Choux De Bruxelles

Paul Miletti Issue: Section:

RAW Brussels Sprout and Caciocavallo Compote

I have my father to thank for most of my food enthusiasm. Growing up in the restaurant business with him I came to know great food at an early age. Mom and Dad always dragged me with them to dinner on the town. Sometimes three nights a week and it just so happened that Dad's customers were the owners of the restaurants we frequented. I’ve never formerly trained as a chef, only cooked on the line for Dad.

Start by cutting off the base of each sprout and remove one layer of the outer leaves. Most of these sprouts have two somewhat flat sides. Slice them in half to look like this. Slice each half ultra thin. This Julienne technique is critical to the texture we are looking for and in turn for the best flavor. It truly will sell to otherwise adverse eaters of these sorts of raw approaches.

In a large mixing bowl add the Julienne sprouts, a pinch of sea salt and pepper and mix thoroughly. This will start the process of extracting the accents and moisture of the sprout. Brussels Sprouts are a tough vegetable. Be sure and squeeze the salt and pepper into the Julienne sprout when mixing here. Let stand for 5 minutes. Add the juice of one lemon. Mix gently. Add one tablespoon Extra Virgin Olive Oil and mix gently. Grate the Caciocavallo about two to three tablespoons, mix gently and plate. Add a short grate of Caciocavallo on top of the plated mixture and a short drizzle of Extra Virgin Olive Oil. Serve at room temperature. If you like a little heat like I do sprinkle a little of your favorite hot fresh or dry chilies before the final step.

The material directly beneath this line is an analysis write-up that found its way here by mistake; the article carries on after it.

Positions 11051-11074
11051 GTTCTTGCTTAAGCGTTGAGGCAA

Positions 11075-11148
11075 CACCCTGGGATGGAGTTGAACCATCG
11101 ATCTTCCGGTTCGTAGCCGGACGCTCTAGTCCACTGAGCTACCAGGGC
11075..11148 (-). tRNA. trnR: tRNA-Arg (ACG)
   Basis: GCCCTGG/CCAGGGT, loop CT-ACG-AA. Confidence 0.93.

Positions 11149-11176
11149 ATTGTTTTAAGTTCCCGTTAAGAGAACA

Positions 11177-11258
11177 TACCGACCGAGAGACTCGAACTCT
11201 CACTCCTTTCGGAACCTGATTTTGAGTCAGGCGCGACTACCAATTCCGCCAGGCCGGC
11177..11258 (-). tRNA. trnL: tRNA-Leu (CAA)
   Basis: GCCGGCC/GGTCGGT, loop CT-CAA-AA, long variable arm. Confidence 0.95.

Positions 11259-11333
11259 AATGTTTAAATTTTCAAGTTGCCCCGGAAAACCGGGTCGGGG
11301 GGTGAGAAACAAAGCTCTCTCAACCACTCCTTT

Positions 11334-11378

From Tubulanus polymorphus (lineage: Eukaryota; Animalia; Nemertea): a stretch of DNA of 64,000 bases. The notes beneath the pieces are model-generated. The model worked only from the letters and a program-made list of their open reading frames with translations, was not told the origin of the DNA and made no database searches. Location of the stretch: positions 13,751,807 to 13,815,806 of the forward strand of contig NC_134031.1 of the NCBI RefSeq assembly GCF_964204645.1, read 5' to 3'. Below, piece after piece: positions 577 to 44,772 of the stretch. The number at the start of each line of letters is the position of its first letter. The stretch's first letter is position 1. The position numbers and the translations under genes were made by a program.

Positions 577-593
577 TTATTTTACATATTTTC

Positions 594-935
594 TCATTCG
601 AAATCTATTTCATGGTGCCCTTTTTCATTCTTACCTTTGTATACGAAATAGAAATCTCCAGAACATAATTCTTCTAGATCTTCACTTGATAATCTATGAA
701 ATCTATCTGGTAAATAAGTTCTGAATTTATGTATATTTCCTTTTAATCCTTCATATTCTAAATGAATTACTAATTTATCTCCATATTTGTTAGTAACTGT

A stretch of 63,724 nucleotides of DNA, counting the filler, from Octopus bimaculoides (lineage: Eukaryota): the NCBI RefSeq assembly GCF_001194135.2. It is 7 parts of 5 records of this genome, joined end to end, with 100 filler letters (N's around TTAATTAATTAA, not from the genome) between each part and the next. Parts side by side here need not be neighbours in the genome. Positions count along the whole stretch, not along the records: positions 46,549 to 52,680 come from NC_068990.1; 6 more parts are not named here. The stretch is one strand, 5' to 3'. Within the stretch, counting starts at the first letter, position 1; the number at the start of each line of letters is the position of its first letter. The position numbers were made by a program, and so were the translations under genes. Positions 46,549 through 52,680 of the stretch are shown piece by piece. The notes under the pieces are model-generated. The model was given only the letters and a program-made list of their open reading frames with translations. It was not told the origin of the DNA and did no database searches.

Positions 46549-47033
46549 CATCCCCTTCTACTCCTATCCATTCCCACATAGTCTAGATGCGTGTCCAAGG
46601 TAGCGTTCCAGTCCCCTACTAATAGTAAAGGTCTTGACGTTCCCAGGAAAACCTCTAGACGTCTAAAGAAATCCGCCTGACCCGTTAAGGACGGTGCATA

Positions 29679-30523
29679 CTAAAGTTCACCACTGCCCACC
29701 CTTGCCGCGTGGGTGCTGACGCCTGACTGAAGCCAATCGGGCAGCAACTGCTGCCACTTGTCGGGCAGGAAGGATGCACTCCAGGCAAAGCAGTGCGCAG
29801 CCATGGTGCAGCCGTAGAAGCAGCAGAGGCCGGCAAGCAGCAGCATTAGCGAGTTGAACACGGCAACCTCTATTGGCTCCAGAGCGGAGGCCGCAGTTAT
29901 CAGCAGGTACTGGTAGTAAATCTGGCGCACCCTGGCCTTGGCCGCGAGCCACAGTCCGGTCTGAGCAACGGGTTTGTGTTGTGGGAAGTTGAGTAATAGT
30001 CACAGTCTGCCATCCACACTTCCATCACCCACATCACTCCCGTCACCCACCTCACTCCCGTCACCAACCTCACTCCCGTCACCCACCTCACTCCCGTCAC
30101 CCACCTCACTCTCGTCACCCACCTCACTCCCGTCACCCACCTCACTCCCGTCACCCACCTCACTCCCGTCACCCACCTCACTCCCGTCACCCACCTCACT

1-Pound Brussels Sprout
3 to 5 Ounces Italian Caciocavallo Provolone grated and added to taste.
1 Lemon
2 Pinch Sea Salt
2 Pinch Semi coarse white or black pepper to taste
2 Tablespoons Extra Virgin Olive Oil
NOTE: Please do not substitute for Extra Virgin Olive Oil as the acidity is crucial to the integrity of the Brussels Sprout.

The cheese can be anything that you truly love. Using the famed CACIOCAVALLO Provolone from the south of Italy is how I came to know this quick and super healthy side or appetizer. The particular Caciocavallo cheese in the photo above is from my Grandfathers home city of Molise. The branding inscription is La Roccolana Castelpetroso. Made in ball form and is typically softer than the Sicilian version I grew up with. The Sicilian version is made in square form and is similar to the size of a concrete cinderblock.

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